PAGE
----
Opportunity of mentioning it. And we hope you will do it in such a manner as that nothing may hereafter remain to give us or you any Occasion of Uneasiness, therefore we hope you will open your Minds freely.

We grieve for the Sufferings of our Brethren in Pennsylvania, who have suffered much by Indians misled by bad and wicked Peoples Advice, but we hope an end will soon be put to their Murdering your Friends and ours, and believe the Indians will by the trouble they will bring themselves into by hearkening to this wicked Advice, be made to repent of their bad Actions.

We hope none of our Friends and Brethren of this Colony are joined with the Wicked Indians who have been destroying the People of Pennsylvania.

And expect you will let us know all you have heard of the Intention of the Indians, and if any of the Enemy Indians, or any strange Indians should come among you, to put evil and false Things into your Heads, you will do well not to believe them, and that you will deliver them to us, as dangerous to our Peace and yours.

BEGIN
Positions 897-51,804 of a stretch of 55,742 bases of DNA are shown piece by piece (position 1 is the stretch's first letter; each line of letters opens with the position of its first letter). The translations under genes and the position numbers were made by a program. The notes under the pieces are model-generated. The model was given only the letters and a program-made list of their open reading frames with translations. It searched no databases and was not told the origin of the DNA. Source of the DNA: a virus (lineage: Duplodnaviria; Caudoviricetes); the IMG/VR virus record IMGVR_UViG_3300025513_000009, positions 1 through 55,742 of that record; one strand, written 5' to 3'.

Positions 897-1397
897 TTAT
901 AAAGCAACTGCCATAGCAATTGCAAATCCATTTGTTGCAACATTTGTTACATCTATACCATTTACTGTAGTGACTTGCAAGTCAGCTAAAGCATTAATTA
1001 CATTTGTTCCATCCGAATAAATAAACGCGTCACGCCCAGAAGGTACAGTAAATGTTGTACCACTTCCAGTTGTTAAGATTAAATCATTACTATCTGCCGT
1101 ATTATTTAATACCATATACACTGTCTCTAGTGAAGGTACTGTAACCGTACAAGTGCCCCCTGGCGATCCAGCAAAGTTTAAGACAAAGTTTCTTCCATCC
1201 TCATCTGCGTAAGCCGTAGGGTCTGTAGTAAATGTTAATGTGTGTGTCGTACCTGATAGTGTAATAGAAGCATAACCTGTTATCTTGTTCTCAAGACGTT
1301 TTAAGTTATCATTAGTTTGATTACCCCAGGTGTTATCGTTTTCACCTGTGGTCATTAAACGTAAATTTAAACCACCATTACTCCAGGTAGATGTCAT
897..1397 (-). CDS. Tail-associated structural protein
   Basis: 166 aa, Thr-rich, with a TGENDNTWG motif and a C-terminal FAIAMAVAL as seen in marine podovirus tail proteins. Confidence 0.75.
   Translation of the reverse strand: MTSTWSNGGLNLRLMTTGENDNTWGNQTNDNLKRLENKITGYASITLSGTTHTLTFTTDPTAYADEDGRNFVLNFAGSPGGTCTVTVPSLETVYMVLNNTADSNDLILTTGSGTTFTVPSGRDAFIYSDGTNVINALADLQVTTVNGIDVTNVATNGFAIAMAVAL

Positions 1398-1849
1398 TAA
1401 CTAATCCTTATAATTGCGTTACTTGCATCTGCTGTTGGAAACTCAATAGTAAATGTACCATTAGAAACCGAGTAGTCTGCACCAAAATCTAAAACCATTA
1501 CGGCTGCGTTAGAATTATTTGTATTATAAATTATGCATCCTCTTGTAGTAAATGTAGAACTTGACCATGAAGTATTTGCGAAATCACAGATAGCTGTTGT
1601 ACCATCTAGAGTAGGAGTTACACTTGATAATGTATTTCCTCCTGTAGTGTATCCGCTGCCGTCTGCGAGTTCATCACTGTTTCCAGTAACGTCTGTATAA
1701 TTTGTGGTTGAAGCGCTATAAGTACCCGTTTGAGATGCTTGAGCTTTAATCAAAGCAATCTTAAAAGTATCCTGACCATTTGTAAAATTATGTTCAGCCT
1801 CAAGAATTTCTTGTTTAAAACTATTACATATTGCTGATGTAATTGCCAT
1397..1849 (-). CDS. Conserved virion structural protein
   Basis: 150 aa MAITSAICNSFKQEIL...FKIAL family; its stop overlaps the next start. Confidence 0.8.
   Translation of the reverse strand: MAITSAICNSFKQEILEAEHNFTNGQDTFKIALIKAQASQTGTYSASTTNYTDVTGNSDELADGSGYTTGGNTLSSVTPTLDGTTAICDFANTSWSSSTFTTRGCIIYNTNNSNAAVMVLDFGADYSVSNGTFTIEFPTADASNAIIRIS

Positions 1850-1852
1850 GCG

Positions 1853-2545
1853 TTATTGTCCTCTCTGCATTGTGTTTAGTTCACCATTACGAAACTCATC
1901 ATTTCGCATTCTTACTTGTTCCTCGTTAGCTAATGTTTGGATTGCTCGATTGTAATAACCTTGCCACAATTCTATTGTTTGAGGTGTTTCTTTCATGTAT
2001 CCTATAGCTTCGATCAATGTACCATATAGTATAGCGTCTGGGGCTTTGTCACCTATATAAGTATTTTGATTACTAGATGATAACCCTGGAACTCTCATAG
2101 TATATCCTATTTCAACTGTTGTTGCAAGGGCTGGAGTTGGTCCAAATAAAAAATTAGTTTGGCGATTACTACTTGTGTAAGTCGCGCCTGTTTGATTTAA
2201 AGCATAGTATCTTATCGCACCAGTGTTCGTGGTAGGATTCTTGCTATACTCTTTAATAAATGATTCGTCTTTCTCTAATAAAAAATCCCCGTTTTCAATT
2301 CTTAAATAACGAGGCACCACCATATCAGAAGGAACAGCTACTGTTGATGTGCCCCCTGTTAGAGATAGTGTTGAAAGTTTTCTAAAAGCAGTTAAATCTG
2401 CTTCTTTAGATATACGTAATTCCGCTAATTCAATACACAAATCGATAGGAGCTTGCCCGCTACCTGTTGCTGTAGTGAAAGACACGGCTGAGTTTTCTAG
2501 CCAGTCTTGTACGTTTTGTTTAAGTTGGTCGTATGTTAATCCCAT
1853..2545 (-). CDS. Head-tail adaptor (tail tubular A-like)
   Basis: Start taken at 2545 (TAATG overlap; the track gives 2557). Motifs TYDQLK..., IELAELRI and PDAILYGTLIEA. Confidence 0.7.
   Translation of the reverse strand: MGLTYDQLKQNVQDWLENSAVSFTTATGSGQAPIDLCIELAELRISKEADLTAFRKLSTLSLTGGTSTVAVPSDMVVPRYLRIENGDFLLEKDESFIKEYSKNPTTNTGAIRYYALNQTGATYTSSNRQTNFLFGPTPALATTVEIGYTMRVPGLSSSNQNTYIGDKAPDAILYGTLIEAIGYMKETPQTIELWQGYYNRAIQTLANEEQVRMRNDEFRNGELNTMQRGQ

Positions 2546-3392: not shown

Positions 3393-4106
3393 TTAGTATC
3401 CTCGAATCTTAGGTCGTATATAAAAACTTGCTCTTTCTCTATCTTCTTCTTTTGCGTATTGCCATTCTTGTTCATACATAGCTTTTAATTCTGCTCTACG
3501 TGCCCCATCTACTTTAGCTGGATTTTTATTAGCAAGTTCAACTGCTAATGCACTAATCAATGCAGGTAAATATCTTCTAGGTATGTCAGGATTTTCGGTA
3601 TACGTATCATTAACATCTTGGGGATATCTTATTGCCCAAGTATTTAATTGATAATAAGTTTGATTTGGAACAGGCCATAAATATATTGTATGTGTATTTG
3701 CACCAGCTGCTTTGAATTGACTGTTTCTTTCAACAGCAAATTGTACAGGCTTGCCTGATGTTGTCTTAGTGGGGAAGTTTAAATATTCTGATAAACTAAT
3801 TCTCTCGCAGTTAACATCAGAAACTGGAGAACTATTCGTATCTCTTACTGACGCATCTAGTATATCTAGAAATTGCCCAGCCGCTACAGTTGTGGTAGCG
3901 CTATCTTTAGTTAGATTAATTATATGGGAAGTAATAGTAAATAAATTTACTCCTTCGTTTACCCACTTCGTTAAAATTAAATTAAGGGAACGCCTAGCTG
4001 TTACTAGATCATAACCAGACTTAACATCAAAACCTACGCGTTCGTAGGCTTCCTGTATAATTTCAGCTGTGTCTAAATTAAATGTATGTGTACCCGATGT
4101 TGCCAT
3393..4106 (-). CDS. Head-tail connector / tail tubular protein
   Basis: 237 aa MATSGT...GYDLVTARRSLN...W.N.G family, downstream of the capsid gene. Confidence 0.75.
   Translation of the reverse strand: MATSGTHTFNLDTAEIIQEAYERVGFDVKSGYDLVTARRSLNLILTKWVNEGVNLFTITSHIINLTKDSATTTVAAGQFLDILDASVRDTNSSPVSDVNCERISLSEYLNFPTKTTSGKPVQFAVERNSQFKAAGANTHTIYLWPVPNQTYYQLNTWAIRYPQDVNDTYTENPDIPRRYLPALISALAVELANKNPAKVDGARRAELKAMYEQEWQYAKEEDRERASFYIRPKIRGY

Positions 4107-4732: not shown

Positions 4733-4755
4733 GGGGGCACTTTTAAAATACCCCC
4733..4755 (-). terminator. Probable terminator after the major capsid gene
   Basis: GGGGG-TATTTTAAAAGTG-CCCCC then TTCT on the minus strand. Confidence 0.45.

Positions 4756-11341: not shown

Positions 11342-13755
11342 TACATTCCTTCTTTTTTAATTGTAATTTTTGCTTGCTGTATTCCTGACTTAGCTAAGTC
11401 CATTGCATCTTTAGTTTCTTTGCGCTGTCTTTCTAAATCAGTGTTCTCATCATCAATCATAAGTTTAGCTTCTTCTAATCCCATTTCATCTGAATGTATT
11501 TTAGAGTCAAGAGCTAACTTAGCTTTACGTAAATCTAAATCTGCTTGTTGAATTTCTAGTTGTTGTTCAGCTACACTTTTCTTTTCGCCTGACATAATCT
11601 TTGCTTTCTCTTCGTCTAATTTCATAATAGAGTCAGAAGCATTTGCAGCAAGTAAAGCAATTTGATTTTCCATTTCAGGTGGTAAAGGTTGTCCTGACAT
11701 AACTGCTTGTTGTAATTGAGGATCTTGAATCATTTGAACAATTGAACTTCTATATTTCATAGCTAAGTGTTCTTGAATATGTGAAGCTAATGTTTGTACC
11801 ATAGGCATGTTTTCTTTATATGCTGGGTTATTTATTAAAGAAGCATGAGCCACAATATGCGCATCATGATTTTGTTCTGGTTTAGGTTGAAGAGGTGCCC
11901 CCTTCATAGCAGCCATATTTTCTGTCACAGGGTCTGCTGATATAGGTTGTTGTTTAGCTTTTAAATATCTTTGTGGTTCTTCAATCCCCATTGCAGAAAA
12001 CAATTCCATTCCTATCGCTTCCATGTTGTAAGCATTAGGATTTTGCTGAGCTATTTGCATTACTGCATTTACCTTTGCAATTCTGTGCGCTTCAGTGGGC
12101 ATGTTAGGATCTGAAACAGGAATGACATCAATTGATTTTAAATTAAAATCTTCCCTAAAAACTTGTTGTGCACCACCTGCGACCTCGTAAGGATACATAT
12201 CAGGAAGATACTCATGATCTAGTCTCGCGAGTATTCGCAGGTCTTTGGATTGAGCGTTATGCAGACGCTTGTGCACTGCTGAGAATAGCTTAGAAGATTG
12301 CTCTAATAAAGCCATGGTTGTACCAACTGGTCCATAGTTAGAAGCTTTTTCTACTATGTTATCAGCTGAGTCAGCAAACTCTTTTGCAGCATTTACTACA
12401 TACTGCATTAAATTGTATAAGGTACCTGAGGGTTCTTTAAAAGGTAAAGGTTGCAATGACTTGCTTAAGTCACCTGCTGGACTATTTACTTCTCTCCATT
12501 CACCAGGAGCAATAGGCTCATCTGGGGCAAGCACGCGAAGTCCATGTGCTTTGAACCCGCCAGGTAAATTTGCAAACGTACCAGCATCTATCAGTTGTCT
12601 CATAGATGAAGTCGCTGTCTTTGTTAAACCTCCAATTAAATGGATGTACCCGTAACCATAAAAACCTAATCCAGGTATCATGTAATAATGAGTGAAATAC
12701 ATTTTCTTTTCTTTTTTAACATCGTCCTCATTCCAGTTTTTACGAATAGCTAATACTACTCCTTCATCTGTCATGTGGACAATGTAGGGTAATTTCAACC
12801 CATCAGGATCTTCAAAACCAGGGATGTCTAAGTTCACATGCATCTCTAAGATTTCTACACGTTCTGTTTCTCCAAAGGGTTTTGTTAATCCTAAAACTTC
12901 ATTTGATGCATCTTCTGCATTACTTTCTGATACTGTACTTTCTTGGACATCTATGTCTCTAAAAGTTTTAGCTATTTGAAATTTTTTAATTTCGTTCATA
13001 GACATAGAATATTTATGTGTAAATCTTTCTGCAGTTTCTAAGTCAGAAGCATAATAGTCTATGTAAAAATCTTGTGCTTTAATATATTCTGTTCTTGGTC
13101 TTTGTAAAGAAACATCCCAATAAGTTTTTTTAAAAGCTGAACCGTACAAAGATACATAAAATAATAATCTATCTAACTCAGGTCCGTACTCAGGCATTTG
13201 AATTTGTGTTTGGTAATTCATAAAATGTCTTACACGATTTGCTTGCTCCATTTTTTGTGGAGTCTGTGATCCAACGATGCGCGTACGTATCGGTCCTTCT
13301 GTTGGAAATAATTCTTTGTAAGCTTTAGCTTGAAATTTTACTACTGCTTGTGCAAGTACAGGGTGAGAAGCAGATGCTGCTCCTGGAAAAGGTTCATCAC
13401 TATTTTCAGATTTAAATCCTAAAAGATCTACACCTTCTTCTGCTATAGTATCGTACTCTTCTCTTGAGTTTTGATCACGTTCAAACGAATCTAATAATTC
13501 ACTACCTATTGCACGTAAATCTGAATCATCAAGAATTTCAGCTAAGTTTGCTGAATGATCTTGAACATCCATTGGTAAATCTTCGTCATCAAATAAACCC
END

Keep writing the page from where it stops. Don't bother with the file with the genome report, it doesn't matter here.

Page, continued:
As we have heard some of the Enemy Indians have been in the upper Parts of this Province, and Murdered one Man, and wounded another, this and the Murders on the other side of the River, has made our People who live in the upper Parts of this Colony so Angry, that it is become dangerous to any Indians to go there, as they will not in the hurry know Friends from Enemies. Therefore we would have you seriously consider with yourselves, that it will be necessary for you to contrive some Bounds for your own Security, where you may be safe, and our People easy with it. And as you are our Brethren, we would have your Advice in this Matter, and if you have any request to make for your own ease and both our Security’s, you will do well to let us know it, and we shall give it due Consideration.

Then the Indians withdrew.

Friday Morning,
January the 9th 1756.

The Commissioners met.

The Indians came into Council, and having appointed Ohiockechoque, to speak for them; he delivered in their Names the following Answer.